The farthest he got in the playoffs with one of these players has been the second-round and has contributed to about 25 points, 10 rebounds and 9 assists per game with shooting splits of 38.6 per cent from the field and 29.2 per cent from three, which is rather disappointing for a player of his calibre. Consequently, Westbrook has struggled to compromise his stats to further accommodate his fellow All-Star teammates by forcing shots, which is part of his relentless game, and he should limit his amount of turnover, in which has been a league leader four times.
Yes, the Lakers are unquestionably more talented now than they were last season with the addition of Westbrook. Yes, the pieces traded to the Washington Wizards were inconsistent.
Yet, they were still relatively cheap and covered different roles for the team. As of August 1st 2021, the Los Angeles squad only has five players under contract and $130 million tied in their salary cap, a very high figure meaning that they have room to just obtain cheap veterans and their own free agents like Alex Caruso and Talen Horton-Tucker in free agency.
This move forces the 17 times NBA champions to just focus on floor spacers at the expense of other needs like perimeter defense. If the club cannot find reliable shooters, it will result in a more isolation-driven game which usually corresponds to inefficient basketball.
At the end of the day, it is clear that the Lakers went all-in to find All-Star talent to support Lebron James and Anthony Davis with the acquisition of Russell Westbrook. Westbrook ‘scoring, playmaking and tenacity mix will instantly help the Lakers remain contenders in the Western Conference as well as the main candidate to win the NBA championship with the Brooklyn Nets and the Milwaukee Bucks.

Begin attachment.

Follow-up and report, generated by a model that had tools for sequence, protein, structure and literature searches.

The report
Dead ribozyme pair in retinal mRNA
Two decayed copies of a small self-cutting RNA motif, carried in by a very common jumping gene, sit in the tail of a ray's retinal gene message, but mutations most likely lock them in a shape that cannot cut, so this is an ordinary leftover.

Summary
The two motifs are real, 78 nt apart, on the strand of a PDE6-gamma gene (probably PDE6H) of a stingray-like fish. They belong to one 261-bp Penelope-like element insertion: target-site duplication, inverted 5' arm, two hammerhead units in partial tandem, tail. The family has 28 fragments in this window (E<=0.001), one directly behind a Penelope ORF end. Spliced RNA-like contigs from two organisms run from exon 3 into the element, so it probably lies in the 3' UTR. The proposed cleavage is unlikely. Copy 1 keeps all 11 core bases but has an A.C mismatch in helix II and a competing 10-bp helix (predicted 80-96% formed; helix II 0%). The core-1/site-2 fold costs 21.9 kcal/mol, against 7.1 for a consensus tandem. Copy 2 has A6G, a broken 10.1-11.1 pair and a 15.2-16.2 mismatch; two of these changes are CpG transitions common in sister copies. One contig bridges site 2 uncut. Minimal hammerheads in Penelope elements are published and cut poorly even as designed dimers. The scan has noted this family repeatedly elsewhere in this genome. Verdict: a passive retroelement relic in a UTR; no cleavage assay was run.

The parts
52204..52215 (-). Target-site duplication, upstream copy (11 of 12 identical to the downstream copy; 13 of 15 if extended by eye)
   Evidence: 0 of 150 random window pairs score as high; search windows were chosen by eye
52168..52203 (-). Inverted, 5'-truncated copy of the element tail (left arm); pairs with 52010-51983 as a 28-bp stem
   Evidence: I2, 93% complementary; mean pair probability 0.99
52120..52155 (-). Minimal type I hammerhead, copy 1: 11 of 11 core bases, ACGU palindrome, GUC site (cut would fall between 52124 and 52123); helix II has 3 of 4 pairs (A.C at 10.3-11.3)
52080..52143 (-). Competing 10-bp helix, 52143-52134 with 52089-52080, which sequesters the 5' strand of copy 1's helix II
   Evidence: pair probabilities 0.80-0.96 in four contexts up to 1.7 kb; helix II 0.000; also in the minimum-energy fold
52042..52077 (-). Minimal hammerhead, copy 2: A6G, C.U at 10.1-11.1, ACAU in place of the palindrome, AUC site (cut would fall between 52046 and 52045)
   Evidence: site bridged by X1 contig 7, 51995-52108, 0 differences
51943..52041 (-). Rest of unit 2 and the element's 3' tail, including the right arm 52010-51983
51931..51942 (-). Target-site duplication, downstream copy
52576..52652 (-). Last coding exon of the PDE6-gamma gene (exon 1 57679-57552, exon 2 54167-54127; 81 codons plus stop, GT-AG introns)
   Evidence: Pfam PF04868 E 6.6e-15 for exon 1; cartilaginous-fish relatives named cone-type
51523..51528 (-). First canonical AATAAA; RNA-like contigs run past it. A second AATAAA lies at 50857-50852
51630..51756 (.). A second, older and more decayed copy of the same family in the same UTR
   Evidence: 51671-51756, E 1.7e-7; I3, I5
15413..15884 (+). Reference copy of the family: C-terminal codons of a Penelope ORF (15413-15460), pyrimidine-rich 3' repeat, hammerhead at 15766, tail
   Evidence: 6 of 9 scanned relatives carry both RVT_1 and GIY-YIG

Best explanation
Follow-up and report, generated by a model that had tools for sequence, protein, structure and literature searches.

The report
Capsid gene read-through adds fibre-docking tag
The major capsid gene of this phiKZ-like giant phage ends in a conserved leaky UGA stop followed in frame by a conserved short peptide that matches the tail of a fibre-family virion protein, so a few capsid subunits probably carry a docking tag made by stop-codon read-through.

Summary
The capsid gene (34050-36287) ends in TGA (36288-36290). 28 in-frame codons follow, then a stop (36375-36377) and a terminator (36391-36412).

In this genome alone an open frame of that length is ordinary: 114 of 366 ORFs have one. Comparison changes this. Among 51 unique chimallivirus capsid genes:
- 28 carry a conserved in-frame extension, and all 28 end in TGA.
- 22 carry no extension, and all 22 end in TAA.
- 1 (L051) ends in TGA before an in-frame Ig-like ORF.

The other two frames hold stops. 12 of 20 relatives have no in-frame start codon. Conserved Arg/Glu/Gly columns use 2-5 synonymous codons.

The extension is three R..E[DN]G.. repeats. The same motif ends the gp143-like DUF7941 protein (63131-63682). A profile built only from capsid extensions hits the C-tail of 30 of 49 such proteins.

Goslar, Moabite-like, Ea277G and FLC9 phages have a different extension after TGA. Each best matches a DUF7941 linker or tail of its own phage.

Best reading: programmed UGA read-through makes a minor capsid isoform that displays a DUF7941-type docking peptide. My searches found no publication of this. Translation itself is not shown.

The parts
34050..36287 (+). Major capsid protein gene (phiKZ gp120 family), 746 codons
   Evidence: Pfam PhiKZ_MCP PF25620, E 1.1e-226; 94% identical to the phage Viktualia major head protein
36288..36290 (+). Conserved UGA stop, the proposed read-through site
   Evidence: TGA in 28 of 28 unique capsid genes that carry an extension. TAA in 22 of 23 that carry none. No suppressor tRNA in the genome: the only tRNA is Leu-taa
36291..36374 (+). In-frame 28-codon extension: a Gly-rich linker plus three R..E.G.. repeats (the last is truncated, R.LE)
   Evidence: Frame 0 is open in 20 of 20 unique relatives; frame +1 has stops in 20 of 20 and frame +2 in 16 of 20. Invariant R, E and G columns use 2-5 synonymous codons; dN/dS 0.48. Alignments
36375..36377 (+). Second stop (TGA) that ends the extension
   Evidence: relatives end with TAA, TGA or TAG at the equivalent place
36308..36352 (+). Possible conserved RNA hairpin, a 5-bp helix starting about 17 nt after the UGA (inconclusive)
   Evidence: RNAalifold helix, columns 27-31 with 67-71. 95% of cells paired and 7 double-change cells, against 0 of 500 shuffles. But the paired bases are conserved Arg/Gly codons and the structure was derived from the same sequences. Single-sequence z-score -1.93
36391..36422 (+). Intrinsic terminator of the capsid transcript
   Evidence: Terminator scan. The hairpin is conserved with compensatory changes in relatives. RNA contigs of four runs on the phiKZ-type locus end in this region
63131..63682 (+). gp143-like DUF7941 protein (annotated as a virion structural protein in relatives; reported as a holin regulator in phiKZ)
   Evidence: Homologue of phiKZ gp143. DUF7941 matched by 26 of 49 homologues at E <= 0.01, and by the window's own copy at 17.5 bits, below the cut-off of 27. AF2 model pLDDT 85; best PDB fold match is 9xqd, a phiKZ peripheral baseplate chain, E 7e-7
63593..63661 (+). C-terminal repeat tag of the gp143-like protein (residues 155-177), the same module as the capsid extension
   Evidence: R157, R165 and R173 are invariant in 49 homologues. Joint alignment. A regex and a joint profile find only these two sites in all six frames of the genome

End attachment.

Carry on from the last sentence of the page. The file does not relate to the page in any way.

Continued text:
Nevertheless, there are questions regarding the nine-time All-Star’s ability to change his game on his reluctance in focusing on being a pass-first and lower usage guard while playing more off-ball, thus giving more shots to the other All-Stars, to successfully become the player that the Lakers need.
Lastly, this move is better than standing put, but it is clear that the Lakers wanted to go into another direction first for the guard position with someone who could shoot more accurately and be more consistent, according to Bleacher Report writer Eric Pincus.
Per NBA sources, the Lakers went into the offseason with a clear Plan A: unrealistic hopes of landing a Damian Lillard or Bradley Beal. Plan B was Chris Paul (but then the Phoenix Suns advanced to the NBA Finals) and Westbrook. Hield was always Plan C.